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IBM PCs (IBM Personal Computers) and compatible models from other vendors are the most widely used computer systems in the world. They are typically single user personal computers, although they have been adapted into multi-user models for special applications.

Table of contents

Models There are hundreds of models of IBM compatible computers. The models of IBM's first-generation Personal Computer (PC) series have names:

  • The original PC was an IBM attempt to get into the home computer market then dominated by the Apple II. It had a version of BASIC in ROM. The CGA (Colour Graphics Adapter) video card could use a standard TV for display. The standard storage device was cassette tape. Floppy disk was an optional extra; no hard disk was available. It had only five expansion slots; maximum memory using IBM parts was 256 K, 64 on the main board and three 64 K expansion cards. The processor was an Intel 8088 running at 4.77 MHz.
  • The original PC failed miserably in the home market, but was widely used in business. The PC XT was an enhanced machine designed for business use. It had 8 expansion slots and a 10 megabyte hard disk. It could take 256 K of memory on the main board. It was usually sold with an MDA (Monochrome Display Adapter). The processor was still a 4.77 MHz Intel 8088 and the expansion bus still 8-bit ISA with XT bus architecture.
  • The PC AT used an Intel 80286 processor, originally at 6 MHz and later 8. It had a 16-bit ISA bus and 20 meg harddrive. IBM made some attempt at marketing it as a multi-user machine, but it sold mainly as a faster PC for power users.
  • IBM Convertible[?]
  • IBM Portable[?]
  • IBM PC Junior[?].

The models of its second generation, the Personal System/2 (PS/2), are known by model number: Model 25[?], Model 30[?]. Within each series, the models are also commonly referenced by their CPU clock rate.

All IBM personal computers are software compatible with each other in general, but not every program will work in every machine. Some programs are time sensitive to a particular speed class. Older programs will not take advantage of newer higher-resolution display standards.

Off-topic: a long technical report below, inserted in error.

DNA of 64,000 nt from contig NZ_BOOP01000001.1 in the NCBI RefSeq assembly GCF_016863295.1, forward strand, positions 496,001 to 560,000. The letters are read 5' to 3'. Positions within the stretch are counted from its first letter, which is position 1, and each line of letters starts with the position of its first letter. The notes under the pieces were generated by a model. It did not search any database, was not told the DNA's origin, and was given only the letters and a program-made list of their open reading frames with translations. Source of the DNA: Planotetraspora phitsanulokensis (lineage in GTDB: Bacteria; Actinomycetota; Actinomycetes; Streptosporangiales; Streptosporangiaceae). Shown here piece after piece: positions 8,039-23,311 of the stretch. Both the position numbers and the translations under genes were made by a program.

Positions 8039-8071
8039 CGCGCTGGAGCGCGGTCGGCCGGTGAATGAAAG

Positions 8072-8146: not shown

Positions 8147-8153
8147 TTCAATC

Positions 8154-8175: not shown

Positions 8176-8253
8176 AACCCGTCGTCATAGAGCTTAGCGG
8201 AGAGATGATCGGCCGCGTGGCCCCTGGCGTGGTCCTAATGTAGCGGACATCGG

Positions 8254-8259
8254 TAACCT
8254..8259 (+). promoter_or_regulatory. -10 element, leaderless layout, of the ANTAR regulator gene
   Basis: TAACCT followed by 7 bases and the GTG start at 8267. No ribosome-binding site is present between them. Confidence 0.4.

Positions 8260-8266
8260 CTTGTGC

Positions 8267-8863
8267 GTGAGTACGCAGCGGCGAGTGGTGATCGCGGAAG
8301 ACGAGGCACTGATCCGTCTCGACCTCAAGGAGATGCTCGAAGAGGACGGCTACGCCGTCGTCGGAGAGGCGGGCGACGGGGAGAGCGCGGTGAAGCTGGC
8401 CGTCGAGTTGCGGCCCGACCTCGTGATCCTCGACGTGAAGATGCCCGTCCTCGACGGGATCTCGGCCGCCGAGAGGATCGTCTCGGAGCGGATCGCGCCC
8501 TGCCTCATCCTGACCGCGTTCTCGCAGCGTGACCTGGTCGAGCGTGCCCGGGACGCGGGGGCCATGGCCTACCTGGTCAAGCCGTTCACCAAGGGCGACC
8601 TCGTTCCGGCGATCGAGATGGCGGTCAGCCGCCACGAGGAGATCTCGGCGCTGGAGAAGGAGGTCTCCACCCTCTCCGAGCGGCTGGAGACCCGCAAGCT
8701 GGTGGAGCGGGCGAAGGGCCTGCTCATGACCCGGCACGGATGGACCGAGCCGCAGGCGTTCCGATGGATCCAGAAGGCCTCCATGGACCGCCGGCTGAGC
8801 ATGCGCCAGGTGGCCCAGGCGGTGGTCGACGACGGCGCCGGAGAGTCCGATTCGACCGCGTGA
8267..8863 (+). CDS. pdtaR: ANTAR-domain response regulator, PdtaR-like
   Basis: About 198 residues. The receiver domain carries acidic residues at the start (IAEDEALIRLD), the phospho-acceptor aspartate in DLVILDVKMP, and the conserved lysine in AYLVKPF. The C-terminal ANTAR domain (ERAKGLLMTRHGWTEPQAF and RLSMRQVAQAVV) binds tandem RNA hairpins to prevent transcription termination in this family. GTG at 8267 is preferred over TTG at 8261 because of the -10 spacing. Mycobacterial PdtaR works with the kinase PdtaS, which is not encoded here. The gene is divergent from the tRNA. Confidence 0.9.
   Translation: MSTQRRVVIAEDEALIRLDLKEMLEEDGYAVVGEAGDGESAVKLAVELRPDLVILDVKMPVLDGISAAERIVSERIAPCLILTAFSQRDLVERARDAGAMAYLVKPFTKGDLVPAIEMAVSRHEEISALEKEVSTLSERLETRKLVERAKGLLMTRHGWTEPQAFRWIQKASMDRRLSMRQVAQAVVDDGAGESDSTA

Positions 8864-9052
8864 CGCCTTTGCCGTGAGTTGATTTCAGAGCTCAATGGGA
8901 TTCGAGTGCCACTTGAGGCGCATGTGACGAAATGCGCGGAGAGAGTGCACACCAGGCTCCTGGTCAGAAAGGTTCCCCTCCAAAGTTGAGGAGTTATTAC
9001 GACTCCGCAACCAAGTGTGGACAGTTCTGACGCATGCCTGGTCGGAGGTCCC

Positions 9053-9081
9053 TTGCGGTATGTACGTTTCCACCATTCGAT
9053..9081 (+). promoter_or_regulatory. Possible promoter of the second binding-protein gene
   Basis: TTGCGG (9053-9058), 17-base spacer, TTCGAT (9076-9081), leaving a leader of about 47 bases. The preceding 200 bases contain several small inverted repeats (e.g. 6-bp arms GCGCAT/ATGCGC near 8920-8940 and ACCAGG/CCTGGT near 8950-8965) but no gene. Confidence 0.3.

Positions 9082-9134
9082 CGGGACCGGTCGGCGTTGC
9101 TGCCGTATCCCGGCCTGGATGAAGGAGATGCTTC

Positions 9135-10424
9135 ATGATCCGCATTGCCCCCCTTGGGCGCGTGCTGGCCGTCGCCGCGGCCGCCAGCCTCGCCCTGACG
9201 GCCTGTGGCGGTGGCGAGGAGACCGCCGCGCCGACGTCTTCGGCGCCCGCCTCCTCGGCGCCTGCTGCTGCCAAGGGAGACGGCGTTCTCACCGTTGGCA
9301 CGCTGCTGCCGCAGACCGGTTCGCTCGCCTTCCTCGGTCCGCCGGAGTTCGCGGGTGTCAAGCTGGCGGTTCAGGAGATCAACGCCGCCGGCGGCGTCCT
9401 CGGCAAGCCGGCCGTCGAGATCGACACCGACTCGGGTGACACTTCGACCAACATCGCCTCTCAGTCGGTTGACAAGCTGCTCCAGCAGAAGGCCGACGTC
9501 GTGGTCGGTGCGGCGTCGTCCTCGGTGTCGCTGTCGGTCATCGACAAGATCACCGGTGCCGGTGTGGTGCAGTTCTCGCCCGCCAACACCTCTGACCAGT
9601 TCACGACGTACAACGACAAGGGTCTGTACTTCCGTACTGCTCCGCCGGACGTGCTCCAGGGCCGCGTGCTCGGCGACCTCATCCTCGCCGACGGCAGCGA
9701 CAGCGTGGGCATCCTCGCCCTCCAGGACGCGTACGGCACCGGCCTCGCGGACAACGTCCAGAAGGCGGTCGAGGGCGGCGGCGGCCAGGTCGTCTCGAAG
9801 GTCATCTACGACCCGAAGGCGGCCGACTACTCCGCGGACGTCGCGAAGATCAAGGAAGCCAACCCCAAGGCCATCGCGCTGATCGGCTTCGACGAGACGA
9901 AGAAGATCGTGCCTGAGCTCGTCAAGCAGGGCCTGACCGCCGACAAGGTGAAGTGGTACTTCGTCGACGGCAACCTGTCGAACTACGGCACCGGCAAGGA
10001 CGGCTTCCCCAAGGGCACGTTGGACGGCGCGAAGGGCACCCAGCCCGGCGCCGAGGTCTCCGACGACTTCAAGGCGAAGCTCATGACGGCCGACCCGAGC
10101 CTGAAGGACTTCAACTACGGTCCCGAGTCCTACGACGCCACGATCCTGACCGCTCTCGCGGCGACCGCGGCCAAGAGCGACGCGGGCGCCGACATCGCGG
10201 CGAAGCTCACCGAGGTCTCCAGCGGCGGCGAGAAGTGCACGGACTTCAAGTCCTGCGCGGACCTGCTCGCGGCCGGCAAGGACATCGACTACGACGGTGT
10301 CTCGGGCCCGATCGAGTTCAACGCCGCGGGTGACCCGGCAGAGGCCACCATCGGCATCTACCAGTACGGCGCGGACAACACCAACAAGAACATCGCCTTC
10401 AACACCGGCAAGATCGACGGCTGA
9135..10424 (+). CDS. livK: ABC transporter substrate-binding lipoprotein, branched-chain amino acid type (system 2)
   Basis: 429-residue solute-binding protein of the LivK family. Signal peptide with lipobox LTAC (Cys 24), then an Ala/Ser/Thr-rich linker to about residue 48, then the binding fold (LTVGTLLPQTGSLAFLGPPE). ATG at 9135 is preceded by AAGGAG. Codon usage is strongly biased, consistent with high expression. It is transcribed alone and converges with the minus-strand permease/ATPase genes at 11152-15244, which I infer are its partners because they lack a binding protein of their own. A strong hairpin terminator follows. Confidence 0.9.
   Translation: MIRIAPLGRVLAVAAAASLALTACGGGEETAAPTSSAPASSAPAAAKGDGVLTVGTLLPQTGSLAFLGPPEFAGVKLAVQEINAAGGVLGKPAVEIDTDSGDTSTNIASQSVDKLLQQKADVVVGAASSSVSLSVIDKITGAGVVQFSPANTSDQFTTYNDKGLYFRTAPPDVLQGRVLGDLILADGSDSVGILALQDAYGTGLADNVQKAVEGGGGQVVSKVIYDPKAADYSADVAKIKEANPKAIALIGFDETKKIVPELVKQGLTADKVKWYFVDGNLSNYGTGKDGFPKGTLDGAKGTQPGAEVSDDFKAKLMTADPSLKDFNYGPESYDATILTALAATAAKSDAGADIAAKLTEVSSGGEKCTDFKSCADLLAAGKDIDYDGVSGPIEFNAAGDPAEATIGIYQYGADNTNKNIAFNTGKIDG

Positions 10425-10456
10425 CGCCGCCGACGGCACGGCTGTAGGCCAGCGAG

The main circuit board in an IBM PC is called the motherboard. This carries the CPU and memory, and has a bus with slots for expansion cards.

The bus used in the original PC became very popular, and was subsequently named ISA. It is in use to this day in computers for industrial use. Later, requirements for higher speed and more capacity forced the development of new versions. The EISA was developed as a backward compatible standard, but due to high complexity and medium performance it dod not really catch on. Instead, the more specialized PCI or AGP busses are now used for expansion cards.

The motherboard is connected by cables to internal storage devices such as hard disks, floppy disks and CD-ROM drives. These tend to be made in standard sizes, such as 3.5" (88.9 mm) and 5.25" (133.4 mm) widths, with standard fixing holes. The case also contains a standard power supply unit (PSU) which is either an AT or ATX standard size.

Intel 8086 and 8088-based PCs require EMS[?] (expanded memory) boards to work with more than one megabyte of memory. The original IBM PC AT used an Intel 80286 processor which can access up to 16 megabytes of memory (though standard MS-DOS applications cannot use more than one megabyte without EMS). Intel 80286-based computers running under OS/2 can work with the maximum memory.


The original 1981 IBM PC's keyboard was severely criticised by typists for its non-standard placement of the return and left shift keys. In 1984, IBM corrected this on its AT keyboard, but shortened the backspace key, making it harder to reach. In 1987, it introduced its enhanced keyboard[?], which relocated all the function keys and placed the control key in an awkward location for touch typists. The escape key was relocated to the opposite side of the keyboard. By relocating the function keys, IBM made it impossible for software vendors to use them intelligently. What's easy to reach on one keyboard is difficult on the other, and vice versa. To the touch typist, these deficiencies are maddening.